FAIRFIELD — The town’s low-income homeowners can apply for a federally funded housing assistance program that spends money to fix up aging homes.
The purpose of the Fairfield Home Repair and Replacement Program, according to administrator Carlton Pinney, is to prevent situations in which a home becomes so run down that it is uninhabitable.
Fairfield was awarded a $250,000 federal grant earlier this year. Applications for the money became available at the town office on Friday.
The town initially applied for a $500,000 grant, but Pinney said the competition for the money is more intense because of state and federal spending cuts. This year, Augusta was awarded one $500,000 grant, and the other $500,000 was split between Fairfield and Bucksport.
Pinney said the town’s application was helped by a 2006 housing assessment study that demonstrated the need.
“A town like Fairfield, which has a lot of big old houses with a lot of lead paint, you’ve got a population that is not well off,” he said. “It’s not a wealthy town.”
The money is administered by the Maine Department of Economic and Community Development, which disperses money on behalf of the U.S. Department of Housing and Urban Development.
In order to be eligible for the program, homeowners must be income-qualified and own a single-family home.
Pinney said a typical project will include needing about $15,000 worth of repairs such as roofing, window and door replacement, siding, electrical and plumbing repairs, heating system upgrades, handicapped accessibility and insulation.
In some cases, severely deteriorated homes could be replaced with new ranch houses built on the site, according to Town Manager Josh Reny.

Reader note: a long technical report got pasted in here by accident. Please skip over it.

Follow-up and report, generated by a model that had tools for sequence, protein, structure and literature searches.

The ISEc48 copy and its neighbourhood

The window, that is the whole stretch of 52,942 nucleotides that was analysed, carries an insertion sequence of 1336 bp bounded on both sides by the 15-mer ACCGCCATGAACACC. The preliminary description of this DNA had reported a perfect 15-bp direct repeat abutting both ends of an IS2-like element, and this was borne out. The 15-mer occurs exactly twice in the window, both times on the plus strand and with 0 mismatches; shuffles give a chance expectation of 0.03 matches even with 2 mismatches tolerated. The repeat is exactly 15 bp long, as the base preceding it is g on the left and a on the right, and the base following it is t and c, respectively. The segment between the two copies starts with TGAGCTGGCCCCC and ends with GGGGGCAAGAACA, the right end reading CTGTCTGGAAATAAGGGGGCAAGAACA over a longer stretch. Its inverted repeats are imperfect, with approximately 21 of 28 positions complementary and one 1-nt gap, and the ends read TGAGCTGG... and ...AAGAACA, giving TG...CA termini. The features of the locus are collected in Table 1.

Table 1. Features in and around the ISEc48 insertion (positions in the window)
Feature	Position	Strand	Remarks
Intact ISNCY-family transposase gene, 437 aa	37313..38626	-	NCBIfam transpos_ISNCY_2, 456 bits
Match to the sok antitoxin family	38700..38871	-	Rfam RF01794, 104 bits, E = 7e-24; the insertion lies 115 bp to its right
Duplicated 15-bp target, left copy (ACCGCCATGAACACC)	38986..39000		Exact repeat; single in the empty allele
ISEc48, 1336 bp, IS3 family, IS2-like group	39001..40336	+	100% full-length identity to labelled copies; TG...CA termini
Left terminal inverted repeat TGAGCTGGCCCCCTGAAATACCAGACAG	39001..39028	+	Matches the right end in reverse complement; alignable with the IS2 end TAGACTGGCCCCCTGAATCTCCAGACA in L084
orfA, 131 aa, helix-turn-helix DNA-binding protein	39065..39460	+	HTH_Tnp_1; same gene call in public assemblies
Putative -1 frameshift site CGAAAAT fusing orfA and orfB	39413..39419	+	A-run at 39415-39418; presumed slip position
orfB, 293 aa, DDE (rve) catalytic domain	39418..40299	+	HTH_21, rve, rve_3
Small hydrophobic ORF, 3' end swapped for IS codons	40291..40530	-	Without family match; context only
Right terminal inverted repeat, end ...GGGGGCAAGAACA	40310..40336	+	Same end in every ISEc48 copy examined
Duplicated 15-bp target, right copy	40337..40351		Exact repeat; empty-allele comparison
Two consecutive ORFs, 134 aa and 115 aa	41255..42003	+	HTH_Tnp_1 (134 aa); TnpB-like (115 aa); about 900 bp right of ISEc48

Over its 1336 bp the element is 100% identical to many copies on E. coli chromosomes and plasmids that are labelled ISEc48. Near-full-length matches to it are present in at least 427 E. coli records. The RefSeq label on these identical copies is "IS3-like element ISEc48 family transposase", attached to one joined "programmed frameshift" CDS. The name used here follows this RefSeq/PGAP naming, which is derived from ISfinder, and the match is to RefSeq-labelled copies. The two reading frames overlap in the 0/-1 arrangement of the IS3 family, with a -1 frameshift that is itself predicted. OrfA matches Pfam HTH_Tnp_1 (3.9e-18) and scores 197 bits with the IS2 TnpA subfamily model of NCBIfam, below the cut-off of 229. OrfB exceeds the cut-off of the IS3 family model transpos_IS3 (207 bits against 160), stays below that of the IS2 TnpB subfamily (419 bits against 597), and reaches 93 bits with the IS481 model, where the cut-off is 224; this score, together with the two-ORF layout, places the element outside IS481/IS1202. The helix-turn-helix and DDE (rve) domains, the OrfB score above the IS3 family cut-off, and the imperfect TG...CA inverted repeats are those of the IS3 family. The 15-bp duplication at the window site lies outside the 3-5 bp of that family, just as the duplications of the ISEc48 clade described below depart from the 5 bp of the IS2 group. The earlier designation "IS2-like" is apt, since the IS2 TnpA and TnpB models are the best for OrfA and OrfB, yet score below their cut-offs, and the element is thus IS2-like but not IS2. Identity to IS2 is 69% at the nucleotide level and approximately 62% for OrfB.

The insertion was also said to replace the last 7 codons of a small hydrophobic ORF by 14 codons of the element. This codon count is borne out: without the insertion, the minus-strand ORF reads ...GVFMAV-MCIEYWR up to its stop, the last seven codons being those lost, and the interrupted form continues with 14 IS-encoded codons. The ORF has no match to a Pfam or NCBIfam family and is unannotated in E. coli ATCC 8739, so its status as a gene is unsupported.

The six-page application is available for download on the town’s website, www.fairfieldme.com, and asks for proof of income, bank account statements, a copy of the homeowner’s deed and a copy of the most recent tax bill, among other things.
Owners of mobile homes are also eligible, even if they rent the land that the home is on.
Pinney estimated the money would cover projects for about half of the qualified applicants, and said priority will be given to houses that are at the highest risk of becoming uninhabitable.
“It’s severity of need,” he said. “If they had a septic system and it’s failed, that puts you in the top of the list. You can’t live in a home without sewage.”
About 20 people filled out a pre-application to demonstrate the need for the program, but they people will have to fill out the full applications as well, Pinney said.
While administering the grant, Pinney said he will also be working on behalf of home improvement programs by the Kennebec Valley Community Action Program and the U.S. Department of Agriculture.
Matt Hongoltz-Hetling — 861-9287